Proof for relationship between CSR disclosure and analyst forecast accuracy
August 20, 2012 | 1 min read
Although there has been a dramatic increase in firms issuing stand-alone reports on CSR activities around the world, little academic evidence has been gathered regarding the value of this reporting to stakeholders in general and shareholders in particular. Dan Dhaliwal (University of Arizona and Korea University Business School), Suresh Radhakrishnan (University of Texas), and Albert Tsang and Yong George Yang (both from the Chinese University of Hong Kong) wanted to examine “whether the disclosure of CSR-related information helps to improve the accuracy of the earnings forecasts of sell-side financial analysts.” With firm-level data from 31 countries, they used the issuance of stand-alone CSR reports to proxy for disclosure of nonfinancial information.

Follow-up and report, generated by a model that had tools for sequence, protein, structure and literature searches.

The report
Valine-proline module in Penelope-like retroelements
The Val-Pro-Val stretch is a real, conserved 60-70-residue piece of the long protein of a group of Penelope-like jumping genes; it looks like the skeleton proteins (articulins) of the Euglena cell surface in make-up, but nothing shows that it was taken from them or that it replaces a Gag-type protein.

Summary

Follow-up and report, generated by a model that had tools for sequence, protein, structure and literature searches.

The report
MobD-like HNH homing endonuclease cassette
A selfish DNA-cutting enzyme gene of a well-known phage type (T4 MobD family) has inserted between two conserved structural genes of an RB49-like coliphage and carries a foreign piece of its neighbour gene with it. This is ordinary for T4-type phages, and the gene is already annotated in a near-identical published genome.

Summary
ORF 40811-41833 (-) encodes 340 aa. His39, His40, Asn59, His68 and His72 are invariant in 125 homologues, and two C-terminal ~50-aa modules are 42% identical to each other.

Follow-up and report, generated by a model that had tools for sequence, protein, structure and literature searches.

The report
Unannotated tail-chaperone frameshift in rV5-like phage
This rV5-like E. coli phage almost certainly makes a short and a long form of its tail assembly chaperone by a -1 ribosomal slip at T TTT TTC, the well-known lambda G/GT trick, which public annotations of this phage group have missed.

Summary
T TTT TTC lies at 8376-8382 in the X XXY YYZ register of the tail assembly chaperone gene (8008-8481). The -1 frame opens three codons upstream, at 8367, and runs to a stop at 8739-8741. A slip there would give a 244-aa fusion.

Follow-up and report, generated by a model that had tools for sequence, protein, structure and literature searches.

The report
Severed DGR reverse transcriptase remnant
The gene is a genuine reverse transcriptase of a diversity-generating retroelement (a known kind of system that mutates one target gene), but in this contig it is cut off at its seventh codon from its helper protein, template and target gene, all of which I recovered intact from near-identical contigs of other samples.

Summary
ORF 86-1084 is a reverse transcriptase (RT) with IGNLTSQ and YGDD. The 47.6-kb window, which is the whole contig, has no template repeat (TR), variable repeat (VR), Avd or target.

The researchers found a relationship between the provision of CSR-related information and improvements in forecast accuracy. “This relationship is stronger in countries that are more stakeholder-oriented — i.e., in countries where CSR performance is more likely to affect firm financial performance. The relationship is also stronger for firms and countries with more transparent financial disclosure, suggesting that issuance of stand-alone CSR reports plays a role complementary to financial disclosure. These results hold after we control for various factors related to firm financial transparency and other potentially confounding institutional factors.”